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Charles Loring Elliott
1812-1868. Elliott was born at Auburn, New York in the central part of the state. He began working as a painter in his region. After 10 years, he moved to New York City to study art under the painters John Trumbull and John Quidor, as well as to be in a bigger market for work. After practicing portrait painting in central New York State for 10 years, Elliott took up residence in New York City in 1845. The following year he was elected to the National Academy of Design, which was a measure of recognition and helped him attract more clients. Painting by Elliott of Samuel Putnam Avery, 1863Elliott was considered the best portraitist of his day. Although he never studied abroad, his technique is neither provincial nor uncertain. His method is mature, his drawing firm, his color fresh and clean, and his likenesses excellent, though somewhat lacking in sentiment.[citation needed] He was said to have painted over 700 portraits, mostly heads, as he had little idea of the composition of large canvases. He also painted figure pieces, including Don Quijote and Falstaff, and one landscape, The Head of Skaneateles Lake.
Garofalo
1481-1559 Italian Garofalo Gallery Italian painter. Active mainly in Ferrara and the district around the Po delta, he was one of the most outstanding figures in Emilian classicism during the first half of the 16th century. In 1497 Garofalo father paid Boccaccio Boccaccino to teach his son the rudiments of painting. Garofalo first works were directly influenced by the Cremonese painter, to whom they were formerly even attributed. They consist of a series of small paintings depicting the Virgin and Child. The example in the Ca d Oro in Venice must have been Garofalo first painting and reveals not only the lessons learned from Boccaccino, but also signs of the influence of Domenico Panetti (c. 1460-before 1513), traditionally recorded as his first master. Another Virgin and Child (Assisi, Perkins priv. col.) shows signs of the early influence of Lorenzo Costa the elder, while the example in the Nationalmuseum, Copenhagen, shows a similarity with the early works of his contemporary, Lodovico Mazzolino. A particularly important project in Ferrara during the earliest years of the 16th century, involving numerous highly skilled artists, was the fresco decoration of the oratory of the Concezione. The frescoes (Ferrara, Pin. N.) represent a significant development in the city art. Garofalo hand has been identified in the Presentation in the Temple, in which he reveals a familiarity not only with local art, but also with the high points of Bolognese classicism, whose greatest exponents were Francesco Francia and Lorenzo Costa the elder. Around 1505, Garofalo works show a close familiarity with artistic developments in Bologna, in particular the mature style of Costa and the decoration in 1505-6, by Francesco Francia, Costa, Aspertini and others, of the oratory of S Cecilia in S Giacomo Maggiore. Garofalo Virgin Enthroned between SS Martin and Rosalia (Florence, Uffizi), created for Codigoro Cathedral, should be seen within this context, whereas the small altarpiece for the Arcivescovado, Ferrara, although executed at the same time, shows early, if faint, signs of the influence of Venetian painting of the period.
pablo picasso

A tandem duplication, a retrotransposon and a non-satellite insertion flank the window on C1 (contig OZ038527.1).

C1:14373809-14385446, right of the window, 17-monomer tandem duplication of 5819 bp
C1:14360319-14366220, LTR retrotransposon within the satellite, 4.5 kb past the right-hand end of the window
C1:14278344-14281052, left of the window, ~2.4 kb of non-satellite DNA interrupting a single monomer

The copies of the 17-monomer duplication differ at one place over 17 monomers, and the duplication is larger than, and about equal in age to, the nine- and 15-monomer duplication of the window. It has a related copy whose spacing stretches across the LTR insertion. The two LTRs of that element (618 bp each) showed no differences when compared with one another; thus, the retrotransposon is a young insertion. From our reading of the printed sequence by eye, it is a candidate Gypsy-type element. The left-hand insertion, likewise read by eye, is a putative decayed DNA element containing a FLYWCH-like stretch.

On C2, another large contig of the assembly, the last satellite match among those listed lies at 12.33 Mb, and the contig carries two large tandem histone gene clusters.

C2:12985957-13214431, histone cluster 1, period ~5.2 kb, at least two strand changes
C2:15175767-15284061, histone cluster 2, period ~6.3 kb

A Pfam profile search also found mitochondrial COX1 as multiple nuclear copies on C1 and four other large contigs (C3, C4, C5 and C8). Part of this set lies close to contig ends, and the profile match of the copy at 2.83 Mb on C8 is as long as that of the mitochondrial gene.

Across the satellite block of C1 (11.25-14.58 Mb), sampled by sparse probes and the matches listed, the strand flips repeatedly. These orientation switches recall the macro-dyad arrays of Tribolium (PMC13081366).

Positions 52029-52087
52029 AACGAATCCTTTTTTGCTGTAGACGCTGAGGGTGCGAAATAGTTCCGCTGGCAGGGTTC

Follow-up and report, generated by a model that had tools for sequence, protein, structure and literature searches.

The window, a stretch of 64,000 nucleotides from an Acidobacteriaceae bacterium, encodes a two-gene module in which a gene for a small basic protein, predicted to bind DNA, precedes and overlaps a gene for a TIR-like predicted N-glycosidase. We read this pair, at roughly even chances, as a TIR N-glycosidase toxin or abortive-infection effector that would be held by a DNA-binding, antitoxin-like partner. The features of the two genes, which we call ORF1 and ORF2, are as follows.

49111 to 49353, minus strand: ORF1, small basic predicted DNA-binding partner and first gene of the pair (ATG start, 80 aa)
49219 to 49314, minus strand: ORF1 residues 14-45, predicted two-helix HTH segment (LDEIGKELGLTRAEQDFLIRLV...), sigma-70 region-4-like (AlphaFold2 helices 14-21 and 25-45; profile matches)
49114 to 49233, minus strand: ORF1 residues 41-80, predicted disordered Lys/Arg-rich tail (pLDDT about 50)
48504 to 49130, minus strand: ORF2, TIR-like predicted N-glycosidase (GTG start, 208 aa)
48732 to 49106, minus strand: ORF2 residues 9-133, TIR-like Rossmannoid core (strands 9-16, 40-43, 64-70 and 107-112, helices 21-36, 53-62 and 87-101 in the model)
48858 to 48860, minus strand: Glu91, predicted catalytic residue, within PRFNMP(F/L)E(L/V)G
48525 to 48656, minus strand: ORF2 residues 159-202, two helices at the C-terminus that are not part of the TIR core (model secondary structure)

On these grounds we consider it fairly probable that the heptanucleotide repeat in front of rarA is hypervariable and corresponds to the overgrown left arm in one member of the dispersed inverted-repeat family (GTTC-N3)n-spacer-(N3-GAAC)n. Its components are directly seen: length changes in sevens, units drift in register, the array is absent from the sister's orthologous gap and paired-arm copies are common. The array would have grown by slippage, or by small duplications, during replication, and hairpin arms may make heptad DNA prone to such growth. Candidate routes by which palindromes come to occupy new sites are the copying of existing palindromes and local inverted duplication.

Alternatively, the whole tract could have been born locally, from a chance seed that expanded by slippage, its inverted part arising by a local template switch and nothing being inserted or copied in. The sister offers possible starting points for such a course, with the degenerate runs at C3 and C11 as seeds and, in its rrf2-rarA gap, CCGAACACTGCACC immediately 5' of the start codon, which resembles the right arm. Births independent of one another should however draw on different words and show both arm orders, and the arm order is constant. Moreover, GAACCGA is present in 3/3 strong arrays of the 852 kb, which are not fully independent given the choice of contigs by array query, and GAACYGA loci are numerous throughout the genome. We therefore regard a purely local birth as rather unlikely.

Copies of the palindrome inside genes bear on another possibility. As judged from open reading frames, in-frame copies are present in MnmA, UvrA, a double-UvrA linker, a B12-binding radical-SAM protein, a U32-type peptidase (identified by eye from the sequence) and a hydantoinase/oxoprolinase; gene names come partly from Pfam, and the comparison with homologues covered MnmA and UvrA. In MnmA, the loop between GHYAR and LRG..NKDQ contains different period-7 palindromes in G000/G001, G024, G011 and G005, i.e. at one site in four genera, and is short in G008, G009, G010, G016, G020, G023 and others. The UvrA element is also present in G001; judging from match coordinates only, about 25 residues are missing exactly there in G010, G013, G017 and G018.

Pablo Diego Josee Francisco de Paula Juan Nepomuceno Mareea de los Remedios Cipriano de la Sant??sima Trinidad Martyr Patricio Clito Rueez y Picasso (25 October 1881 C 8 April 1973) was an Andalusian-Spanish painter, draughtsman, and sculptor. As one of the most recognized figures in twentieth-century art, he is best known for co-founding the Cubist movement and for the wide variety of styles embodied in his work. Among his most famous works are the proto-Cubist Les Demoiselles d Avignon (1907) and his depiction of the German bombing of Guernica during the Spanish Civil War, Guernica (1937). Picasso was baptized Pablo Diego Josee Francisco de Paula Juan Nepomuceno Mareea de los Remedios Cipriano de la Santesima Trinidad Clito, a series of names honouring various saints and relatives. Added to these were Rueez and Picasso, for his father and mother, respectively, as per Spanish custom. Born in the city of Melaga in the Andalusian region of Spain, he was the first child of Don Josee Ruiz y Blasco (1838?C1913) and Marea Picasso y Lepez. Picassoes family was middle-class; his father was also a painter who specialized in naturalistic depictions of birds and other game. For most of his life Ruiz was a professor of art at the School of Crafts and a curator of a local museum. Ruizes ancestors were minor aristocrats. The young Picasso showed a passion and a skill for drawing from an early age; according to his mother, his first words were epiz, pize, a shortening of lepiz, the Spanish word for epencile. From the age of seven, Picasso received formal artistic training from his father in figure drawing and oil painting. Ruiz was a traditional, academic artist and instructor who believed that proper training required disciplined copying of the masters, and drawing the human body from plaster casts and live models. His son became preoccupied with art to the detriment of his classwork. The family moved to La Coruna in 1891 so his father could become a professor at the School of Fine Arts. They stayed almost four years. On one occasion the father found his son painting over his unfinished sketch of a pigeon. Observing the precision of his sones technique, Ruiz felt that the thirteen-year-old Picasso had surpassed him, and vowed to give up painting. In 1895, Picasso seven-year old sister, Conchita, died of diphtheria - a traumatic event in his life.After her death, the family moved to Barcelona, with Ruiz transferring to its School of Fine Arts. Picasso thrived in the city, regarding it in times of sadness or nostalgia as his true home. Ruiz persuaded the officials at the academy to allow his son to take an entrance exam for the advanced class. This process often took students a month, but Picasso completed it in a week, and the impressed jury admitted Picasso, who was still 13. The student lacked discipline but made friendships that would affect him in later life. His father rented him a small room close to home so Picasso could work alone, yet Ruiz checked up on him numerous times a day, judging his sones drawings. The two argued frequently. Picassoes father and uncle decided to send the young artist to Madrides Royal Academy of San Fernando, the foremost art school in the country. In 1897, Picasso, age 16, set off for the first time on his own. Yet his difficulties accepting formal instruction led him to stop attending class soon after enrollment. Madrid, however, held many other attractions: the Prado housed paintings by the venerable Diego Velezquez, Francisco Goya, and Francisco Zurbaren. Picasso especially admired the works of El Greco; their elements, like elongated limbs, arresting colors, and mystical visages, are echoed in Picassoes œuvre.